How much do you know about foreclosure in Florida? – II

On Behalf of | Jun 24, 2015 | residential real estate

In our previous post, we started discussing how truly intimidating it can be when past due notices from a mortgage lender start appearing in your mailbox with greater frequency and you’re left wondering whether the foreclosure process will be initiated.

In recognition of this reality, we started to provide some general information about how the foreclosure process in Florida works. To reiterate, the purpose here is not to cause unnecessary anxiety for distressed homeowners, but rather to debunk any misperceptions and impress upon them why it’s so crucial to consider consulting with an experienced legal professional.

In today’s post, we’ll continue this discussion, examining how the foreclosure sale typically unfolds.

If the court rules against the homeowner, do they have any recourse for stopping the foreclosure?

The homeowner has up until the date of the home sale to pay the total amount due to the mortgage lender. This action will serve to stop the foreclosure.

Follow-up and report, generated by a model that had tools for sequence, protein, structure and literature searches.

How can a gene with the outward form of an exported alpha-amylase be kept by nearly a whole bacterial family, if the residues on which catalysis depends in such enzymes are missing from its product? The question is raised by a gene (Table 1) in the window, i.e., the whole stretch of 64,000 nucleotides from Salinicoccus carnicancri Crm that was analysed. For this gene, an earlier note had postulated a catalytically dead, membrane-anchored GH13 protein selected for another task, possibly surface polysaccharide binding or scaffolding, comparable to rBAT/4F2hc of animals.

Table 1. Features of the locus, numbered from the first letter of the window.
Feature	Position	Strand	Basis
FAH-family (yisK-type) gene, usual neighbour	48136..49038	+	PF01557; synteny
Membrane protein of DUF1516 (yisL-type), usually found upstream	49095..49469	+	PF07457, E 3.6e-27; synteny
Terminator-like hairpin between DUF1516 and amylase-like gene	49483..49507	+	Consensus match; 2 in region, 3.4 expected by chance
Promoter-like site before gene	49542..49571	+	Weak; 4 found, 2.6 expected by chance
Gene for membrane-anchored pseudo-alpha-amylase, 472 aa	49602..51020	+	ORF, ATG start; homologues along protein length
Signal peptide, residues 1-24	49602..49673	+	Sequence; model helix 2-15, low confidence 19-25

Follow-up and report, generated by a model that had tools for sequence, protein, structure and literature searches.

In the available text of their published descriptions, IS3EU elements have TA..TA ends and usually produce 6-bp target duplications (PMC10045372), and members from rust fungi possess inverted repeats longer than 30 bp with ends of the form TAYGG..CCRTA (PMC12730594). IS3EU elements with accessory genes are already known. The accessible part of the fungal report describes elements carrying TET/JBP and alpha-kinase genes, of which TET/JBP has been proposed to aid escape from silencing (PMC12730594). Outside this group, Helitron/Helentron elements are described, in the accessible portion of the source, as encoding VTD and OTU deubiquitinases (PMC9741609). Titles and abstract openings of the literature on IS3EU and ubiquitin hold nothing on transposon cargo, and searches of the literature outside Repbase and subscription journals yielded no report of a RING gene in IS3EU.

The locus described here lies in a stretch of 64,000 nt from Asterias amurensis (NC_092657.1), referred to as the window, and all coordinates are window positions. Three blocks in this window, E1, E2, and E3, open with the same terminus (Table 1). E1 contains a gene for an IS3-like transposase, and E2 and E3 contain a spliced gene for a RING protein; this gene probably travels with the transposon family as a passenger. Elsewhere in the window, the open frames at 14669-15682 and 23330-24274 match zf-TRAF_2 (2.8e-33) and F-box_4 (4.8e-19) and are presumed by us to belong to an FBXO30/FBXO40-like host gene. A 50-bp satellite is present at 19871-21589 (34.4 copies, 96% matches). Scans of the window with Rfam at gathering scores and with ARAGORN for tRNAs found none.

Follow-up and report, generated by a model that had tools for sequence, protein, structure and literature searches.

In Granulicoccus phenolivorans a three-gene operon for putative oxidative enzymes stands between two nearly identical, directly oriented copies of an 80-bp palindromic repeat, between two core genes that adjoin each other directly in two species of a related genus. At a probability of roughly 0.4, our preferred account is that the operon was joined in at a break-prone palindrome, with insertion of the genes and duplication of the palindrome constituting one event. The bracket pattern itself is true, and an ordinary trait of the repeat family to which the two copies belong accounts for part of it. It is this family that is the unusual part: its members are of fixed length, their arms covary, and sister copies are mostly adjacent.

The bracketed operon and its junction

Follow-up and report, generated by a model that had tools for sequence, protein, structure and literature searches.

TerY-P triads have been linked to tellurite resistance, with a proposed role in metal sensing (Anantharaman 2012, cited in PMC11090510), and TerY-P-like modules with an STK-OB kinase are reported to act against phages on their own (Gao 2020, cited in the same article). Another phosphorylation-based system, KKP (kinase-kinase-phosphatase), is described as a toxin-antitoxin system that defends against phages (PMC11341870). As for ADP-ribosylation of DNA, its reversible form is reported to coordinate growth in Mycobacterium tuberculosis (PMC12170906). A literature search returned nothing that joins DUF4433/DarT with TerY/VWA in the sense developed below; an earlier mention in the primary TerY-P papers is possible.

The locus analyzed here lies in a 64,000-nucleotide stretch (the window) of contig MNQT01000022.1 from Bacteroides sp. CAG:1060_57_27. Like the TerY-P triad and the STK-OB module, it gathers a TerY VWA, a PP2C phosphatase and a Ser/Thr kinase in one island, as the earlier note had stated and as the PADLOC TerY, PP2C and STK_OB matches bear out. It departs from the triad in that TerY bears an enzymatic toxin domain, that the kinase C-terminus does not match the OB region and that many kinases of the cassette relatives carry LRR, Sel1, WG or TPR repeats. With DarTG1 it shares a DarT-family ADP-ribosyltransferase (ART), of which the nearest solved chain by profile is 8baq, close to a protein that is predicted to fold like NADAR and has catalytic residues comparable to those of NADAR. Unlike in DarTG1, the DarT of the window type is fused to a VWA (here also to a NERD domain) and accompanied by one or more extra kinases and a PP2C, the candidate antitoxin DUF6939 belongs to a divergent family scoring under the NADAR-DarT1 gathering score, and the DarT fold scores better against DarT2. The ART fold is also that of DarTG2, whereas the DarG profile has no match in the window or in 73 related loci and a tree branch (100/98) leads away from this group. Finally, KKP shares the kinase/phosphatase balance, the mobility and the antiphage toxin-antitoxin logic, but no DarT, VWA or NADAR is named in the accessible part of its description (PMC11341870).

When is the home sale held?

In general, the home sale — or auction — will take place anywhere from 20 to 35 days after the ruling of the court. A notice of sale will be published once a week for two weeks, with the second notice going out a minimum of five days prior to the auction date.

This sales notice outlines such information as the time, date and location of the auction, which is typically held at the county courthouse at 11 a.m. on the designated date.

What happens once the auction is over?

Upon completion of the auction, the high bidder must pay the clerk of court a 5 percent deposit and remit the remainder of the purchase price by the end of the day. Failure to do this will result in the scheduling of a new auction in at least 20 days.

If the high bidder complies with these conditions, they will be given a certificate of sale by the clerk of court.

Is this effectively the end of the matter?  

As far as the original homeowner is concerned, they forfeit the right of redemption — the right to get their home back — following the high bidder’s receipt of the certificate of sale.

As far as the high bidder is concerned, ownership will be transferred to their name if no legal disputes concerning the home arise within ten days of the sale.